Feminist Thought: A More Comprehensive Introduction

By Rosemarie Putnam Tong | Go to book overview

Introduction: The Diversity of Feminist Thinking

SINCE WRITING MY FIRST INTRODUCTION to feminist thought nearly a decade ago, I have become increasingly convinced that much of feminist thought resists categorization, especially categorization based on the "fathers'" labels. Believe me, it would be a tragedy if these labels persuaded readers that liberal feminism is only a variation on John Stuart Mill's thoughts, Marxist-socialist feminism only an improvement on Karl Marx's and Friedrich Engels's writings, psychoanalytic feminism only an addendum to Sigmund Freud's speculations, existentialist feminism only a further articulation of Jean-Paul Sartre's ideas, postmodern feminism only a recapitulation of Jacques Lacan's and Jacques Derrida's musings. It would also be a misfortune if these labels detracted from the efforts of radical feminists or ecofeminists, for example, to do philosophy de novo without relying on any patriarch's thought--a daunting, even perilous task, but one that has much to recommend it.

Yet despite the very real problems that come with categorizing thinkers as "x" or "y" or "z," feminist thought is old enough to have a history complete with its own set of labels: "liberal," "radical (libertarian or cultural)," "Marxist-socialist," "Psychoanalytic," "existentialist," "postmodern," "multicultural and global," and "ecological." No doubt feminist thought will eventually shed these labels for others that better express its intellectual and political commitments to women. For now, however, feminist thought's old labels remain useful. They signal to the broader public that feminism is not a monolithic ideology, that all feminists do not think alike, and that, like all other time-honored modes of thinking, feminist thought has a past as well as a present and a future. Feminist thought's old labels also serve as useful teaching tools. They help mark the range of different approaches, perspectives, and frameworks a variety of feminists have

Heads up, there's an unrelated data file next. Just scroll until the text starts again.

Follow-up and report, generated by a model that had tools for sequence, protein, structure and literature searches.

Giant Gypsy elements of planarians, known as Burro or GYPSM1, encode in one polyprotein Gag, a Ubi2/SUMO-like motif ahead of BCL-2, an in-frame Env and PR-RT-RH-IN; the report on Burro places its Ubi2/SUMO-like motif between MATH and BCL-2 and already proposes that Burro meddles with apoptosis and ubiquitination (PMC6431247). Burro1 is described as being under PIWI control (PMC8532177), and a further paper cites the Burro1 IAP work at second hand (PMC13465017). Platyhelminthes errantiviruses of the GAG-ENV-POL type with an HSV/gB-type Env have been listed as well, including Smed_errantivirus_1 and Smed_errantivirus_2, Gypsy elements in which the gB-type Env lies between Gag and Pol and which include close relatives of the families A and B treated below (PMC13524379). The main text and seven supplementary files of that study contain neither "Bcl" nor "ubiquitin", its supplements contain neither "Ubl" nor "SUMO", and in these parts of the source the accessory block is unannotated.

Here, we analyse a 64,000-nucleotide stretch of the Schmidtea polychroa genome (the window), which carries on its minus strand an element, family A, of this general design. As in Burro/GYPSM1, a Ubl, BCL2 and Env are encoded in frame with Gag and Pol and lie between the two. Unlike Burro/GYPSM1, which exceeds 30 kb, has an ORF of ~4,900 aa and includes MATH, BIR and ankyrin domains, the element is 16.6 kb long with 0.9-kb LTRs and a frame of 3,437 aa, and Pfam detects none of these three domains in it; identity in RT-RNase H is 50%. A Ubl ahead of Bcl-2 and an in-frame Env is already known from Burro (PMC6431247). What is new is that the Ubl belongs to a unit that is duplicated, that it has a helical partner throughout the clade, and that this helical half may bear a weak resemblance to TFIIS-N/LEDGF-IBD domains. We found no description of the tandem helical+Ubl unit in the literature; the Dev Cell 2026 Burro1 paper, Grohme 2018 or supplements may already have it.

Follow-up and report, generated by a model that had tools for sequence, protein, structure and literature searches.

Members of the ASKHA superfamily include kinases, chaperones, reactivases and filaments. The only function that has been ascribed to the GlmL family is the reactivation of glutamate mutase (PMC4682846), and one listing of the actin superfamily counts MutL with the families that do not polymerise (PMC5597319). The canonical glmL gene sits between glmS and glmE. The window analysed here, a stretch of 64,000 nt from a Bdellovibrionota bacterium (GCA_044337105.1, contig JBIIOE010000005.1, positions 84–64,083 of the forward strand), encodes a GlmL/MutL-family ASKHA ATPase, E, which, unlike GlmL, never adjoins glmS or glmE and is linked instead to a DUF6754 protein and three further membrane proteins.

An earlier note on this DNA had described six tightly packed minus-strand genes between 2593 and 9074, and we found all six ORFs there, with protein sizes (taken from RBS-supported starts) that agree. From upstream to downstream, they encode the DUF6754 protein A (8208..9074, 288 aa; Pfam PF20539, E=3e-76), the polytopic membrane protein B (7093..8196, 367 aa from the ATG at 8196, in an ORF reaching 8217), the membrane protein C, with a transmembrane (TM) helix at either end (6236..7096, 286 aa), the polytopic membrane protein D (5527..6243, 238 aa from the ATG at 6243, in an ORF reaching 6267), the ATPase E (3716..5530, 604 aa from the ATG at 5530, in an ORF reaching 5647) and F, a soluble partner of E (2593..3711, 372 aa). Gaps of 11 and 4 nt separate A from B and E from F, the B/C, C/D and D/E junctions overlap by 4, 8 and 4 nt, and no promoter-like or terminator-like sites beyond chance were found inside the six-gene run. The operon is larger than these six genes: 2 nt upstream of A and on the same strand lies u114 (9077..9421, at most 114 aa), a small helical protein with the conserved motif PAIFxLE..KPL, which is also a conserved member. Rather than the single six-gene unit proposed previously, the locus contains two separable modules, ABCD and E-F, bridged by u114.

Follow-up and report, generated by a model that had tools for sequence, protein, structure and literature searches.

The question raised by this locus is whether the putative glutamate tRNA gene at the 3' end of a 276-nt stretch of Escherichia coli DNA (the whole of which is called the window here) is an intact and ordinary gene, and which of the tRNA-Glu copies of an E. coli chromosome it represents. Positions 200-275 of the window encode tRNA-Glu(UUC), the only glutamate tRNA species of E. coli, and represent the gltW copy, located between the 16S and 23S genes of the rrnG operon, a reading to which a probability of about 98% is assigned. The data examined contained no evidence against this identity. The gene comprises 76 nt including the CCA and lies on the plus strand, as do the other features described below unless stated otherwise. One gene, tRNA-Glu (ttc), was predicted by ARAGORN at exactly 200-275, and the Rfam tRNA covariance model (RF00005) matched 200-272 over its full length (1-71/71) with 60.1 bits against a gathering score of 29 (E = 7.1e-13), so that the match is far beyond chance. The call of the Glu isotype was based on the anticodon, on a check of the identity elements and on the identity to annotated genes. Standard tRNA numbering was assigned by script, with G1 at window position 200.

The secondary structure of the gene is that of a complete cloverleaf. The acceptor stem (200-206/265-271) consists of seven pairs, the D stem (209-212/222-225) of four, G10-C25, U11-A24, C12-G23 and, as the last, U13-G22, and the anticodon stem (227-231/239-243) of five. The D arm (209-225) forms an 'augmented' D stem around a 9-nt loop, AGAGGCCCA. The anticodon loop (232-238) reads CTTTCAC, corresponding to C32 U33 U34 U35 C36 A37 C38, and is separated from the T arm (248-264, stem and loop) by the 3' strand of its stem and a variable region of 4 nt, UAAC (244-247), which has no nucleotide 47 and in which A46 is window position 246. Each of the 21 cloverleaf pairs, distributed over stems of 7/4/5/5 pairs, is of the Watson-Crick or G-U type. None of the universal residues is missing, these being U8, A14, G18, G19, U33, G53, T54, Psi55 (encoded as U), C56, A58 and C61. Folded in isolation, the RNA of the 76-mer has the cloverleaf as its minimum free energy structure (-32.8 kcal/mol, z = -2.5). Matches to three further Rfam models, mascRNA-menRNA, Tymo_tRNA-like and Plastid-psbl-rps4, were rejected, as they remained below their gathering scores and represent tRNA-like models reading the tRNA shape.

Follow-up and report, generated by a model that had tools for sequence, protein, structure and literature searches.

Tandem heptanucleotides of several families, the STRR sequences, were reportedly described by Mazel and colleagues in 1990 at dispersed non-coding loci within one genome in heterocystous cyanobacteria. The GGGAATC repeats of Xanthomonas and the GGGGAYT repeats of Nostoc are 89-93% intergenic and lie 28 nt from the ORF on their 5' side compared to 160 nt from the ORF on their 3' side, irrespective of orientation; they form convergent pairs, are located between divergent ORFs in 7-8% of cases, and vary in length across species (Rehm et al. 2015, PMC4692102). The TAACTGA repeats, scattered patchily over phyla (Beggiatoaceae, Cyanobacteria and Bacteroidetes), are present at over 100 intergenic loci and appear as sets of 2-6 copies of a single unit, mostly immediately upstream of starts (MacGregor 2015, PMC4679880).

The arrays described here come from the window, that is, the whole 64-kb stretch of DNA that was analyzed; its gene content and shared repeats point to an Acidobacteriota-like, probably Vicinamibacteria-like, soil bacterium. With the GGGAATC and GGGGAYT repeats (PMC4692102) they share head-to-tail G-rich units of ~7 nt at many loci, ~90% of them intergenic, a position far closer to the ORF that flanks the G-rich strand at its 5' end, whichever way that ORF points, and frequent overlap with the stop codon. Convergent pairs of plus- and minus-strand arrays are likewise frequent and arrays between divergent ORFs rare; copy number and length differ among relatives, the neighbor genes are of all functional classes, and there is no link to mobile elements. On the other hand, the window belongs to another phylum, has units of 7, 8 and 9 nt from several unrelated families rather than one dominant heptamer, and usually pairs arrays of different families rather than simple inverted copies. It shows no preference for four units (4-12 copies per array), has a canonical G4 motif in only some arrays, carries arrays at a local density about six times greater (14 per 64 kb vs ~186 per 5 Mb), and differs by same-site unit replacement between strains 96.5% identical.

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Feminist Thought: A More Comprehensive Introduction
Table of contents

Table of contents

  • Title Page iii
  • Contents v
  • Acknowledgments viii
  • Introduction: The Diversity of Feminist Thinking 1
  • Chapter One - Liberal Feminism 10
  • Conclusion 43
  • Chapter Two - Radical Feminism: Libertarian and Cultural Perspectives 45
  • Chapter Three - Marxist and Socialist Feminism 94
  • Conclusion 127
  • Chapter Four - Psychoanalytic and Gender Feminism 130
  • Conclusion 171
  • Chapter Five - Existentialist Feminism 173
  • Conclusion 191
  • Chapter Six - Postmodern Feminism 193
  • Conclusion 193
  • Chapter Seven - Multicultural and Global Feminism 212
  • Chapter Eight - Ecofeminism 246
  • Conclusion 276
  • Conclusion: - Margins and Centers 278
  • Notes 281
  • Bibliography 317
  • Index 349
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